Although I really liked the conclusion of the major arc of the MCU, I’m going to miss Tony Stark and Steve Rogers. I hope that another generation of lensmen — whatever they are called — comes quickly.

A Late Review From Avalon: Ready Player One

So, obviously, what with the huge copyright issues involved and not being an idiot, I expected a whole lot of changes to Ready Player One when I sat down to watch the movie. It was, considered as a thing in itself, not terrible.

But it wasn’t the same story, either. And that was disappointing.

See, what made Ready Player One work for me was never the awesome geekery of the premise. That was always just the icing on the cake. Really cool icing, but icing. What made the story work was Wade’s journey of self-discovery. It was the old story of a loser taking on the system, but most importantly, the way he stopped being a loser and grew from a hurt little boy to a very dangerous man. A man who stepped into the dragon’s lair to steal the prize and walked out again.

All that went away. Instead, the characters pretty much just walked through a cheesy video game solving puzzles that the book’s Wade Watts would have figured out without a second thought.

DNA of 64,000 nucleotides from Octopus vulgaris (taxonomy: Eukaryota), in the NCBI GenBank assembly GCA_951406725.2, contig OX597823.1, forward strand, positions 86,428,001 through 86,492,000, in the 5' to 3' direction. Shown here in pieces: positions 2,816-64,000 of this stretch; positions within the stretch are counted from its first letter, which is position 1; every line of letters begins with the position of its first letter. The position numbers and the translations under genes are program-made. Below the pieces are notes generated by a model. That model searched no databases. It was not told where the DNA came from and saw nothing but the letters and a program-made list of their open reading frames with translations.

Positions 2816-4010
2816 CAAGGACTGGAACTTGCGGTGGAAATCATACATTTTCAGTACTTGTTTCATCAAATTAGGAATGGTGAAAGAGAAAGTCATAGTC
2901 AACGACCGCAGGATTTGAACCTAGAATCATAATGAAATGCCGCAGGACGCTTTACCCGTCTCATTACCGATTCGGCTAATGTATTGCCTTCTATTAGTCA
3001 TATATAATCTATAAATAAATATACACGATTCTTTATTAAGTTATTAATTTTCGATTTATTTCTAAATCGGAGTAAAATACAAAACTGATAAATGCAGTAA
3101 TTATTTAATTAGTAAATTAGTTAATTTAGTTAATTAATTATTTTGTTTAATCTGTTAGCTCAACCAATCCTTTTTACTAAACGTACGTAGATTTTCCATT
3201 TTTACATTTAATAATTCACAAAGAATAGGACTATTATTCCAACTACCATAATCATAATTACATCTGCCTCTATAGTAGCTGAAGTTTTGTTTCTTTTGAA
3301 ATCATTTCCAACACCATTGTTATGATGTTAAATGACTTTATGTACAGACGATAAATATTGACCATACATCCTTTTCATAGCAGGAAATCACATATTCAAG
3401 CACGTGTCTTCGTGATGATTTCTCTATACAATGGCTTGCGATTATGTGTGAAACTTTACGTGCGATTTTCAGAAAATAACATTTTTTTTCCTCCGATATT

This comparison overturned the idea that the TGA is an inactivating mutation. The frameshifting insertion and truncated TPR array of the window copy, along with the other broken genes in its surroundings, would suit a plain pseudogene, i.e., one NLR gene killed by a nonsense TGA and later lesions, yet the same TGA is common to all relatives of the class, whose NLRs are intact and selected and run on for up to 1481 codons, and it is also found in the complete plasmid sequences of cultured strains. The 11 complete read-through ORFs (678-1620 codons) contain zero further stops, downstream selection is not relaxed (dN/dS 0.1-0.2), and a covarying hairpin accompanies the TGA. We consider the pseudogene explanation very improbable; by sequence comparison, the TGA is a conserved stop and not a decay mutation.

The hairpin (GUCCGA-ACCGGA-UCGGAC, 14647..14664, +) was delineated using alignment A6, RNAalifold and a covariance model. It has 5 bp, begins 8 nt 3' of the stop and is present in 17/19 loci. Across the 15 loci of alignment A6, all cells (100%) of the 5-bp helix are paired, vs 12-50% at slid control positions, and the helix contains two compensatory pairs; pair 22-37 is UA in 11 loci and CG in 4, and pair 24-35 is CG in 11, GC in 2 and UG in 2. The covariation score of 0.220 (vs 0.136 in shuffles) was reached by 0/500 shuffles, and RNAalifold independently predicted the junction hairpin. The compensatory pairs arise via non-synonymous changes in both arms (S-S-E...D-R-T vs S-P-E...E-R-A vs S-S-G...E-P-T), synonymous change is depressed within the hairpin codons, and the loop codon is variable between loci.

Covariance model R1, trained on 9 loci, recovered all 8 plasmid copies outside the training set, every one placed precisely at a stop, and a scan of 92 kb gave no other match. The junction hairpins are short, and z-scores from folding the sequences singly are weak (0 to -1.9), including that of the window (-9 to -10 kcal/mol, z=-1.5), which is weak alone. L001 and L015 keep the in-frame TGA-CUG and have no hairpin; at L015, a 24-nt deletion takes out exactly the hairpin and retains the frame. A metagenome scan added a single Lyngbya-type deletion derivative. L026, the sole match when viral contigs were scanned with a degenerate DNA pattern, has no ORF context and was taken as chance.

The subtlety also went away. We don’t get to see Wade and Art3mis slowly falling for each other while trying to outdo each other at the same time. We don’t get to see Aech’s and Wade’s friendship develop. And don’t tell me that this isn’t possible in movies. The book’s source material: Ferris Bueller’s Day Off, Ladyhawke, The Breakfast Club,  all excelled in weaving atmospheric slow builds of character development throughout their scripts. Hell, even The Goonies did. But Ready Player One is a sprint to the finish, with the outcome never really in doubt.

And as the protagonists were dumbed down, so did the villains have to be. Nolan Sorrento of the book was a dangerous, evil geek, who wrote his own video games and could almost match Wade’s knowledge.* He was a villain that you could respect. The Sorrento of the film is Dilbert’s PHB, dumb enough to leave a ridiculously easy-to-memorize password out where anyone can see it.

In short the movie isn’t a disappointment because it isn’t the book. It’s a disappointment because it’s so much less than the book.

And it didn’t have to be.

*I will admit this was one of the major flaws in the book: the idea that someone of Sorrento’s talents with his resources of literally hundreds of professional geeks would not have won the contest in a walk, but the Rule Of Cool nullifies that.

An Open Letter To The Manufacturers of the Spice Melange